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Brandeis University's Community Newspaper — Waltham, Mass.

Letter to the editor: in defense of the secretary

Published: November 2, 2012
Section: Opinions

I recently read the editorial about the weekly emails from the union secretary. While some of the claims should be taken seriously, some of them gave me great concern. The editorial raised questions about the “appropriateness” of the emails being sent. It made no distinction between the content of the emails and the style in which they were written, both of which were indirectly addressed. As it is not up to me to decide, I will make no judgements about the appropriateness of the content of the emails. I will, however, take issue with the seeming disdain for Carlton’s specific style of communication.

As any of Carlton’s other friends would tell you, he has a big personality. His personality may not reflect that of the typical Brandeis student, but he is well-liked nonetheless. I think his personality is reflected in the way he communicates both in personal interactions as well as in his weekly emails. The emails of past union secretaries have reflected their respective personalities (perhaps to a different extent) as well. I would argue that there were no qualms to be had with the emails of previous secretaries because they reflected dominant norms about what is “professional.”

Interrogating the notion of professionalism, or acceptable ways of behaving and communicating, is not just pertinent to Student Union emails. It is important to interrogate the much deeper expectations about behavior and communication that permeate all aspects of life at Brandeis.

On a campus like Brandeis’, where the administration, faculty and students are allegedly committed to inclusion, diversity and “social justice,” why is Carlton’s voice one that needs to be silenced?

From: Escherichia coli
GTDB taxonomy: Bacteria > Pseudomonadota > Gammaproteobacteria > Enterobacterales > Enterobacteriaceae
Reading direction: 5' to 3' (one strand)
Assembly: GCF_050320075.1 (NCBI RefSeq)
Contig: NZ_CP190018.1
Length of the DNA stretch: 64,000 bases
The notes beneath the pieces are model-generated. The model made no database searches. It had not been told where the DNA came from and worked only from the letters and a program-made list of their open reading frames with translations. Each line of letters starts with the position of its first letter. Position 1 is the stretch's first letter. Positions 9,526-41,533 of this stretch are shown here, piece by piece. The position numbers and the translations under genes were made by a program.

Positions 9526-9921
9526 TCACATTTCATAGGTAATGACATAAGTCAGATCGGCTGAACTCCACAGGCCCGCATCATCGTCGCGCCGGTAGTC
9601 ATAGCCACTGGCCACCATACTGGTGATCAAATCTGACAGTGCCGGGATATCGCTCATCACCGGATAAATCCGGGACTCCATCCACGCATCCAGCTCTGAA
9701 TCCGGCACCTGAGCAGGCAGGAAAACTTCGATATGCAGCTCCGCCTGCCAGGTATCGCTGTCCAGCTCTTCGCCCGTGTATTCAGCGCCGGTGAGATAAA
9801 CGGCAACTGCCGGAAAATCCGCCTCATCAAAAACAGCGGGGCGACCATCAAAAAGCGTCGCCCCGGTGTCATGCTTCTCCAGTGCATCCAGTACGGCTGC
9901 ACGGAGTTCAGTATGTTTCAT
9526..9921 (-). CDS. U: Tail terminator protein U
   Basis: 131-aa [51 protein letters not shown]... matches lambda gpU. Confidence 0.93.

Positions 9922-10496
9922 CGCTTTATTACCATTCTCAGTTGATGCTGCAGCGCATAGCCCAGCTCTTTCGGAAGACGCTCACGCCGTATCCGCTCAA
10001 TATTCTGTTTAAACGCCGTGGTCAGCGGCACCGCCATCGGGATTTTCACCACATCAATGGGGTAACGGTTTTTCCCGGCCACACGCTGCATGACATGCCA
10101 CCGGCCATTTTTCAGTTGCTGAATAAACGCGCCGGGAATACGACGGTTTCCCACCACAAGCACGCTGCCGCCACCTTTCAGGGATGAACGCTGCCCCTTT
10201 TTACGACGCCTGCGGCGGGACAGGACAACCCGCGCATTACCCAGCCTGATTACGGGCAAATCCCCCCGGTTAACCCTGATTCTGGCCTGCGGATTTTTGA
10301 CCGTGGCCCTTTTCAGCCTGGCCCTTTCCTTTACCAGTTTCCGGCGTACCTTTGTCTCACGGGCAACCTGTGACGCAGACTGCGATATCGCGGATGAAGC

The article asserts that, “A bare modicum of professionalism is not too much to ask.” We need to ask the question, where does “professionalism” come from? And is this standard something we want to impose on communications within the student body?

My experience has taught me that “professionalism” is a loaded term with racial, sexist and classist dimensions. In dominant narratives, to be “professional” is to embrace the values of white culture. To be “professional” is to assert your masculinity and to devalue those things associated with femininity. To be “professional” is to appeal to a standard embraced by upper classes. To be “professional” means (in a shortened, simplified version) to aspire to the cultural habits of wealthy, white men. Are these the kinds of values that Brandeis students should aspire to? Should Brandeis students seek to devalue the voices of those who do not espouse these relative social privileges? I would hope not.

Secondly, what about the students for whom Carlton’s personality and method of communicating reflect their own? What is to be said for the student who appreciates the divergent voice on a campus that, despite its diversity, often perpetuates and privileges majority notions of acceptable communication. What are these students to think when they see this style institutionally devalued?

My goal is not to suggest that the editorial was motivated by racism classism or sexism, rather I want to foster a discussion about what modes of communication the Brandeis community finds to be acceptable. In doing this, we ought to explore the socio-cultural and historical attitudes that have informed these notions. We ought to interrogate the privilege that allows the original editorial to be credible discourse on this campus. From here, we can, as a community, begin to deconstruct some of the notions of professionalism that marginalize certain styles of communication and the people who practice them. Diversity is only as important as our ability to recognize and communicate respectfully across our differences.

Brandeis ought to be an environment that values diversity and inclusiveness; that emphasizes and promotes our differences. This editorial mocks the writings of a student because they don’t appeal to dominant notions of professionalism. Inclusiveness and the perpetuation or imposition of majoritarian ideas of acceptable forms of communication are not compatible. Despite our differences, I (and many others) respect Carlton for his originality, creativity and bright voice on the Brandeis campus. He ought not be criticized simply for being different.